The Crime at Black Dudley: Margery Allingham (1929)

I’ve been meaning to read Margery Allingham (1904-1966) for years, and what better way to start than with her first Albert Campion novel, The Crime at Black Dudley (1929).  The best way to describe the story is as a romp; there are elements of thrilling adventure in this tale and lots of humour introduced through the bizarre character of Albert Campion.

Most of the novel is set inside an isolated gothic country mansion–the Black Dudley of the title, and it’s here that guests gather for a weekend houseparty. There’s a small handful of guests: George Abbershaw, who turns out to be the main character, is a famous doctor who specializes in pathology “with special reference to fatal wounds.” George is there to pursue the attractive Margaret Oliphant, another member of the party. Also attending is actress Anne Edgeware, newly qualified doctor, Martin, his fiancée Jeanne, Cambridge rugger player, Chris Kennedy, a “stray young man” named Martin, and Albert Campion, who, according to Margaret is “quite inoffensive, just a silly ass.” The party is hosted by the Black Dudley’s owner, scholar, Wyatt Petrie, the “head of a great public school, a First in Classics at Oxford, a recognized position as a minor poet, and above all a good fellow.” Wyatt’s wheelchair bound elderly uncle, Colonel Gordon Coombe co hosts the event, and he encourages his nephew to bring young people down to the country in order to enjoy their company.

the crime at black dudleyWhat should be a jolly weekend in the country is immediately overshadowed by the atmosphere of the remote forbidding house and its unwelcoming grounds:

The view from the narrow window was dreary and inexpressibly lonely. Miles of neglected park-land stretched in an unbroken plain to the horizon and the sea beyond. On all sides it was the same.

The grey-green stretches were hayed once a year, perhaps but otherwise uncropped save by the herd of heavy-shouldered black cattle who wandered about them, their huge forms immense and grotesque in the fast-thickening twilight.

In the centre of this desolation, standing in a thousand acres of its own land, was the mansion, Black Dudley; a great grey building, bare and ugly as a fortress. No creepers hid its nakedness, and the long narrow windows were dark-curtained and uninviting.

But while Black Dudley is a daunting setting, there are definitely other bad vibes in the air, and Abbershaw with a “presentiment–a vague, unaccountable apprehension of trouble ahead” almost immediately senses that two “foreigners” who never leave the Colonel’s side are very unpleasant types who seem out-of-place with the rest of the company.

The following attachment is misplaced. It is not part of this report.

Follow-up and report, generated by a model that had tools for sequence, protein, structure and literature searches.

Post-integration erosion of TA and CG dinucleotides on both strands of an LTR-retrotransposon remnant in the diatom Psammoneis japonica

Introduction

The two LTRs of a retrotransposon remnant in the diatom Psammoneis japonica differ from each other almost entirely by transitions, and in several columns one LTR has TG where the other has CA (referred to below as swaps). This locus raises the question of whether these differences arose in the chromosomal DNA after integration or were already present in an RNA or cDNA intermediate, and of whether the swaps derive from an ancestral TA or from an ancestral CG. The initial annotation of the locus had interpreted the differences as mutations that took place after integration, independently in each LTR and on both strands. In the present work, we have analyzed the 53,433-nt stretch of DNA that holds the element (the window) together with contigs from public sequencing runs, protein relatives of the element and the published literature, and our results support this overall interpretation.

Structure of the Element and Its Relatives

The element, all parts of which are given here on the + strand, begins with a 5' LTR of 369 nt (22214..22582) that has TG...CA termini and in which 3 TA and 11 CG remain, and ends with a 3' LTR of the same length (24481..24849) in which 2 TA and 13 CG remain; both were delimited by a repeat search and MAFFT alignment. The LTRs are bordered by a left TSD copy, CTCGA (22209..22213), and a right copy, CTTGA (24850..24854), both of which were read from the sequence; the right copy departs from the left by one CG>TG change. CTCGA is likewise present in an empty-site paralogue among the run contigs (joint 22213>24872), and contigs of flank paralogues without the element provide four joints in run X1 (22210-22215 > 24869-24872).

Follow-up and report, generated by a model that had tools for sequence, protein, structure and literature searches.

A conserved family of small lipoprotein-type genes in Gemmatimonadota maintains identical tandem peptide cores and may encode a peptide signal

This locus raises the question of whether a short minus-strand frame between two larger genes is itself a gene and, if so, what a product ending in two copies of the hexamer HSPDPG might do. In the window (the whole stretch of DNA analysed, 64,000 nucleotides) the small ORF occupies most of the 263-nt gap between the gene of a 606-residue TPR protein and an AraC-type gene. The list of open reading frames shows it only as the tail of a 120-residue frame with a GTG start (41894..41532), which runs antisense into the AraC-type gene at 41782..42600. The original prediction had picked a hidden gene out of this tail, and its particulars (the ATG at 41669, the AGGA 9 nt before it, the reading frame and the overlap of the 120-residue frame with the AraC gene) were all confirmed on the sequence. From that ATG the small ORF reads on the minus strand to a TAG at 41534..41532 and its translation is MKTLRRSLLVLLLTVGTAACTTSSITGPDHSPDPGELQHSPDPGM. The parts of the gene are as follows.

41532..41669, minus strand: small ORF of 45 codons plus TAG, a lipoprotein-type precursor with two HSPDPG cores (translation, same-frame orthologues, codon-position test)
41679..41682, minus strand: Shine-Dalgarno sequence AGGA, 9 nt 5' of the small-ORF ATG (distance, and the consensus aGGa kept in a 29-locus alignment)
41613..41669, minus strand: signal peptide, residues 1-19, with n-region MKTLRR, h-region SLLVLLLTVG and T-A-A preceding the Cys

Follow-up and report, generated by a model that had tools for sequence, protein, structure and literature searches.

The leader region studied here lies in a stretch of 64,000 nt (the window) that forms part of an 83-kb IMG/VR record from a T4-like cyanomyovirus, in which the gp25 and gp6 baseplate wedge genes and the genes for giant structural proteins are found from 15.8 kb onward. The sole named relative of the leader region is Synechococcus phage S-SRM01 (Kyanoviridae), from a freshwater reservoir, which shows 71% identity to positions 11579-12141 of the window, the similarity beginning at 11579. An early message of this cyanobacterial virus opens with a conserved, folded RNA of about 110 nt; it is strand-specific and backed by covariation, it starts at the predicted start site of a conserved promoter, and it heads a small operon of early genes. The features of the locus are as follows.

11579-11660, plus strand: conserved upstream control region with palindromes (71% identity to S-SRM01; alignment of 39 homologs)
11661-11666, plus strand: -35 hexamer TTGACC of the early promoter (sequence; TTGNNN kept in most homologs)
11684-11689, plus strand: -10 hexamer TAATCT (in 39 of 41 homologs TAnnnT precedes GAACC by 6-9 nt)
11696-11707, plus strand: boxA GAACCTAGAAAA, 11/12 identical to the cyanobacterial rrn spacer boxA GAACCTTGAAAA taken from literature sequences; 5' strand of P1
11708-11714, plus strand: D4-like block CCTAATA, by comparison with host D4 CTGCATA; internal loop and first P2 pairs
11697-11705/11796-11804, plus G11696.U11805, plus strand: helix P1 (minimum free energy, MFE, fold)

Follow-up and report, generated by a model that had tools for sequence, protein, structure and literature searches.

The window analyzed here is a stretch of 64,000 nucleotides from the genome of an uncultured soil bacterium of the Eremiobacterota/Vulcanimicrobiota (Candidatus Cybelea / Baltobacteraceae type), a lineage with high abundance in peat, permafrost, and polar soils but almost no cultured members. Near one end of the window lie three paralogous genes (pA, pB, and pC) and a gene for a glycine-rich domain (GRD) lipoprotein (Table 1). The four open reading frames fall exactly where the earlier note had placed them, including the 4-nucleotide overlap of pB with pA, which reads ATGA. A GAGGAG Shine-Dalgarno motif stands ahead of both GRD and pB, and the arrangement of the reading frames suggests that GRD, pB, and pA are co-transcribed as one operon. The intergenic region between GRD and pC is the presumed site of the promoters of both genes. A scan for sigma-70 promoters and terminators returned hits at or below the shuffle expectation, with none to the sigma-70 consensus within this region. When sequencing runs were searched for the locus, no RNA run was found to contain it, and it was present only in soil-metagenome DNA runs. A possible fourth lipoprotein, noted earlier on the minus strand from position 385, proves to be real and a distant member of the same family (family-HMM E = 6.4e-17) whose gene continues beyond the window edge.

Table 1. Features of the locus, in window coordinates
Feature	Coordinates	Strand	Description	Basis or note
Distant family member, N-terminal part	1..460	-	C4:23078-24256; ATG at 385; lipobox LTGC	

Well what entertainment is there to be had at night in a vast, forbidding mansion? Someone has the brilliant idea to play a game involving the Black Dudley Ritual dagger which was used to murder a guest back in 1500. Legend has it that the dagger “betrayed” the murderer by appearing to be covered in blood when placed in the guilty man’s hands. But nowadays, the dagger isn’t used in a superstitious way to discover a man’s guilt or innocence; it’s “degenerated into a sort of mixed hide-and-seek and relay race, played all over the house. All the lights are put out, and then the dagger is passed around in the darkness for a period of twenty minutes. The person left with the dagger at the end paid a forfeit.” And so the game begins:

At length the signal was given. With a melodramatic rattle of chains the great iron candle-ring was let down and the lights put out, so that the vast hall was in darkness save for the glowing fires at each end of the room.

It’s fairly easy to guess that something horrible is going to happen in the dark, but what isn’t so easy to guess is all that happens afterwards. Crime is blended with suspense and thrilling adventure, so this isn’t a standard who-dun–it.

Since The Crime at Black Dudley is the first Albert Campion novel, it would be reasonable to expect that this character takes centre stage, but no this is primarily Abbershaw’s story. There’s the sense, since Campion is not the main focus, that author Margery Allingham didn’t quite know what she’d created with this character. He comes off initially as a buffoon, a man who performs pathetic little magic tricks which seem to be more for his own amusement than anything else. That mask slips later on, and yet we still don’t know the real Albert Campion, a man whose talents and resourcefulness, under pressure, seem endless: